The EFSF and ESM fill a gap in the initial institutional architecture of the currency union. They provide euro area countries that lose market access, with emergency loans. We are thus the lender of last resort for states in the euro area. This function did not exist when the monetary union was set up. As our emergency loans are always combined with tough economic reforms, the causes that plunged these countries into crisis are simultaneously addressed.

Since 2011, the EFSF and the ESM have provided loans to five countries: Greece, Ireland, Portugal, Spain and Cyprus. We have paid out a total of €273 billion in loans.

The ESM does not use taxpayer money for its loans. Rather, we raise money on the capital markets. The rescue funds are among the largest bond issuers in the euro market. The 19 ESM shareholders, the euro countries, have provided the ESM with capital totalling €700 billion, of which €81 billion are paid-in. This capital serves as security for our investors and is the reason for our good credit ratings from the rating agencies. For this reason we can also raise money at low interest rates. The EFSF is also covered by member state guarantees.

The interest payments programme countries make to the ESM are the same as those we pay in the market. They are well below what the countries would be charged by investors. This results in substantial budget savings for the countries in question. For instance in the case of Greece, we estimate that this saves the country almost €10 billion. That’s the equivalent of 5.6 percent of its GDP.

These loans are, of course, tied to very strict conditions. What this means is that countries must reduce their public deficits, repair the banking sector and implement meaningful structural reforms. The objective is to restore competitiveness and sustainability to their economies. Today, four out of five programme countries are clear success stories, with the highest growth rates in Europe and rapidly sinking unemployment.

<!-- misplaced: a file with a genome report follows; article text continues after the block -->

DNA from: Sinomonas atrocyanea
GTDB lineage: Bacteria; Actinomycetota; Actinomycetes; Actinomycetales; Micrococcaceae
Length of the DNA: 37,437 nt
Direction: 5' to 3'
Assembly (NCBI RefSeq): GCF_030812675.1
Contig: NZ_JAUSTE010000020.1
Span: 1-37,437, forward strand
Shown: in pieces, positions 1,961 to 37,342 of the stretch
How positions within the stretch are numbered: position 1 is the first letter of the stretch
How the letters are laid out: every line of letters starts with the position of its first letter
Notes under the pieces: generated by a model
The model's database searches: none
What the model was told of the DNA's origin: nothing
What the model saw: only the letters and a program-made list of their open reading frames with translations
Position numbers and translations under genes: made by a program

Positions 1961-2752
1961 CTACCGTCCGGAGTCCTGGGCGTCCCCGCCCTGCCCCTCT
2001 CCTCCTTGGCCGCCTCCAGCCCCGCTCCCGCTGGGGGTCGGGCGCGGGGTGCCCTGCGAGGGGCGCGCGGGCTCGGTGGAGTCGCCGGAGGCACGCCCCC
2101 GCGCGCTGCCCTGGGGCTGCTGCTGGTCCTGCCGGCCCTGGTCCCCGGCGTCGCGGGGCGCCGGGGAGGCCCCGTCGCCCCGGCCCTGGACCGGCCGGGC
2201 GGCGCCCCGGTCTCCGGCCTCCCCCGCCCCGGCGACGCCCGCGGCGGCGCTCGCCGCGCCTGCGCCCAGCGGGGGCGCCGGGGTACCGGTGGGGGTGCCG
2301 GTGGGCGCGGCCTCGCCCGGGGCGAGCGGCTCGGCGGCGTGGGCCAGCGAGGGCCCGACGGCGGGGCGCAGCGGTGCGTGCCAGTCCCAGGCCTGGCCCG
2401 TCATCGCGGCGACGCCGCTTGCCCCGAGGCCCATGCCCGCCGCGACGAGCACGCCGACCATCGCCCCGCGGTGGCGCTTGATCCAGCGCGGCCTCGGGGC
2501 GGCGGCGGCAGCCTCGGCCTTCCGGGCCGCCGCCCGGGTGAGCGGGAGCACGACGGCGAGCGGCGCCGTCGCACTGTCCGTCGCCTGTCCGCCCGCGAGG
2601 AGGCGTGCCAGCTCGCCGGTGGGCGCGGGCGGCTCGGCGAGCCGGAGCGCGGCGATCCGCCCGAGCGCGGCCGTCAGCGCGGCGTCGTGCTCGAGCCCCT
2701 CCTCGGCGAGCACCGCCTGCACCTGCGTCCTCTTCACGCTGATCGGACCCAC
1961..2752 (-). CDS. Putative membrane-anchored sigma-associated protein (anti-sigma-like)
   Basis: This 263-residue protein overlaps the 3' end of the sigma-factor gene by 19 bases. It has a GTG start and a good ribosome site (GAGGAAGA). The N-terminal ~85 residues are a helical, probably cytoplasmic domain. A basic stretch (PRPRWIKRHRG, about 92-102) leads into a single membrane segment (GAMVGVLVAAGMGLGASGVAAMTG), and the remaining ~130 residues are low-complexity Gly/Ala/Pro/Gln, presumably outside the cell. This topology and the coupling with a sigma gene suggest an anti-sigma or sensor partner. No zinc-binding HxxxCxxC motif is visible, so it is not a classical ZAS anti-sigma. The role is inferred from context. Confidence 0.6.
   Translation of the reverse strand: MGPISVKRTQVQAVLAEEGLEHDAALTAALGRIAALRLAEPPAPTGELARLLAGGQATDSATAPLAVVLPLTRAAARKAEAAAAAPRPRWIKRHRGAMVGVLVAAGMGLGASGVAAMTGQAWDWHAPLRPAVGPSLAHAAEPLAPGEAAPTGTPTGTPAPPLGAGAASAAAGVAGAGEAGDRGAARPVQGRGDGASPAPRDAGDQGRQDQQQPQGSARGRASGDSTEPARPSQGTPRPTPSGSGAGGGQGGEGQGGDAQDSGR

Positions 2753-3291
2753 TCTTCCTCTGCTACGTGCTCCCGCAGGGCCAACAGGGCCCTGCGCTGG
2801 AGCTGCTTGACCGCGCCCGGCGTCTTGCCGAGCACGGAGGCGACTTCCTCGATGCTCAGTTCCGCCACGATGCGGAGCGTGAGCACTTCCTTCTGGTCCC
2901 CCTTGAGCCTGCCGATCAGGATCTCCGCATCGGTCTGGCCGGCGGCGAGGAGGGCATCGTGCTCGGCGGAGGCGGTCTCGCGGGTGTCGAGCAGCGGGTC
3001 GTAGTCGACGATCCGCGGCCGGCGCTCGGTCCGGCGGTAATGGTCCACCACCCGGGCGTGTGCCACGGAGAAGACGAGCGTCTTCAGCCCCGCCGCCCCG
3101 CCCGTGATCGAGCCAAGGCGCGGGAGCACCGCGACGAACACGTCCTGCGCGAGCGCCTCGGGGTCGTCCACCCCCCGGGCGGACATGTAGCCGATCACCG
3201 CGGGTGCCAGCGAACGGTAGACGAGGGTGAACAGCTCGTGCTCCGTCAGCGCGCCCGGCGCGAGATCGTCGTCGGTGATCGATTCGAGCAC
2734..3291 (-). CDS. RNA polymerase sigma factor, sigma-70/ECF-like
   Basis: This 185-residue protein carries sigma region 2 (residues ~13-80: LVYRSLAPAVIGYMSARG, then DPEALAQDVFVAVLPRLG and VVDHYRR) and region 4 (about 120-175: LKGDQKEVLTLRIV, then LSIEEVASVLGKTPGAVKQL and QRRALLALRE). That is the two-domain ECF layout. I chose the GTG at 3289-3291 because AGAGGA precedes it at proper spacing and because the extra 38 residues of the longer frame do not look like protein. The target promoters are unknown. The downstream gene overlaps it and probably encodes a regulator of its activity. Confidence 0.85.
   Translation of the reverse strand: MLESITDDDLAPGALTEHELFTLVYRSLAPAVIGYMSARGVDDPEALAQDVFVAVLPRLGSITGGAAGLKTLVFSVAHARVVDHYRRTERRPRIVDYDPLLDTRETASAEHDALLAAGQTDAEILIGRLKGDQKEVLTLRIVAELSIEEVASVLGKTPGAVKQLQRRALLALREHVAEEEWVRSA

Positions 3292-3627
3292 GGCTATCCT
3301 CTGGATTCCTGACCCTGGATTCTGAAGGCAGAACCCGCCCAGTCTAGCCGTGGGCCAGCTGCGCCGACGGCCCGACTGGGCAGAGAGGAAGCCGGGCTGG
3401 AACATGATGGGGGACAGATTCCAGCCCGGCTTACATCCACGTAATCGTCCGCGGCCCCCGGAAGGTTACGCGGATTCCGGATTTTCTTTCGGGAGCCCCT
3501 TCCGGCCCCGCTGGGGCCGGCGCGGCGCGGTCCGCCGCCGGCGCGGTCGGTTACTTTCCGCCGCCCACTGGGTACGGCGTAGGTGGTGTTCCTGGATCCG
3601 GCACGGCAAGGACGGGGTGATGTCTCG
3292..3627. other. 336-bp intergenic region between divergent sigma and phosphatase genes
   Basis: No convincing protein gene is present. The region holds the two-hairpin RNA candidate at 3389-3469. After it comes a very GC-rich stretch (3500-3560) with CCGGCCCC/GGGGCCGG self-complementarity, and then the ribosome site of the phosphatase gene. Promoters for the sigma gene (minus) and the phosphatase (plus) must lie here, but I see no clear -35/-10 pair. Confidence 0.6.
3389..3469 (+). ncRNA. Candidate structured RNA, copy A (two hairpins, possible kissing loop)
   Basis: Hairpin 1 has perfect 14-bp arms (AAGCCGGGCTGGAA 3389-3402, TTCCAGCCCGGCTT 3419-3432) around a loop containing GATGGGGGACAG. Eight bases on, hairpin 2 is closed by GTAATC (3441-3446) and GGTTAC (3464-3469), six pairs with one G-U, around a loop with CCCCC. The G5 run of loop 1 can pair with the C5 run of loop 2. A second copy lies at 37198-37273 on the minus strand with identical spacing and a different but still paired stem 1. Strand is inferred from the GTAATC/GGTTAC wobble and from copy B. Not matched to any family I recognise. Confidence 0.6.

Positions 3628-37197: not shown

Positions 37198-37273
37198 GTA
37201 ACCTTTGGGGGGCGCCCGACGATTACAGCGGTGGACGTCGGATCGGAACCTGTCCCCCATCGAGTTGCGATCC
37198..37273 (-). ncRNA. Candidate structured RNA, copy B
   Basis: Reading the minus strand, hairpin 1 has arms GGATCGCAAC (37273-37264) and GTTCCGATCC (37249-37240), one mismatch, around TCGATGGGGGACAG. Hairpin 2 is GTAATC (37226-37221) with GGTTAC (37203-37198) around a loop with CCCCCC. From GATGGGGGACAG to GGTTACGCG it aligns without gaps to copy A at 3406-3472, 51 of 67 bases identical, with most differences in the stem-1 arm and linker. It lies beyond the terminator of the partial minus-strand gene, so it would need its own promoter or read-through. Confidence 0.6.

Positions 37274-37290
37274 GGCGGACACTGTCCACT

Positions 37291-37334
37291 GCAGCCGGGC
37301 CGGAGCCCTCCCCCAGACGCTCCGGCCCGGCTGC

Greece is the sole remaining ESM programme country. Nowhere else was the extent of the problems so large and the public administration so weak. This is also reflected in the fact that the ESM has had to pay out €182 billion in funds and is therefore Greece’s biggest creditor by far.

Nevertheless, I’d like to underline the fact that Greece is also making good progress in implementing the reforms that it committed to in 2015 as part of its current ESM programme. The reform efforts of the Greeks – in terms of salary and pension cuts or the reduction of employees in the public sector, for example – are not always appreciated enough in Germany.

If Greece continues to implement the reforms, I am optimistic that the country can become our fifth success story, when the programme ends this August. If the government stays on course, it should be able to regularly refinance itself independently on the market.

The euro area countries have promised to continue to stand by Greece’s side, if this is necessary and the country remains on the course of reform. The euro finance ministers have raised the prospect of considering further debt relief at the end of a successful completion of the programme. This could involve additional EFSF maturity extensions or the transfer of profits made from the purchasing of Greek bonds on the secondary market by the cenbtral bank. An additional haircut will certainly not be necessary.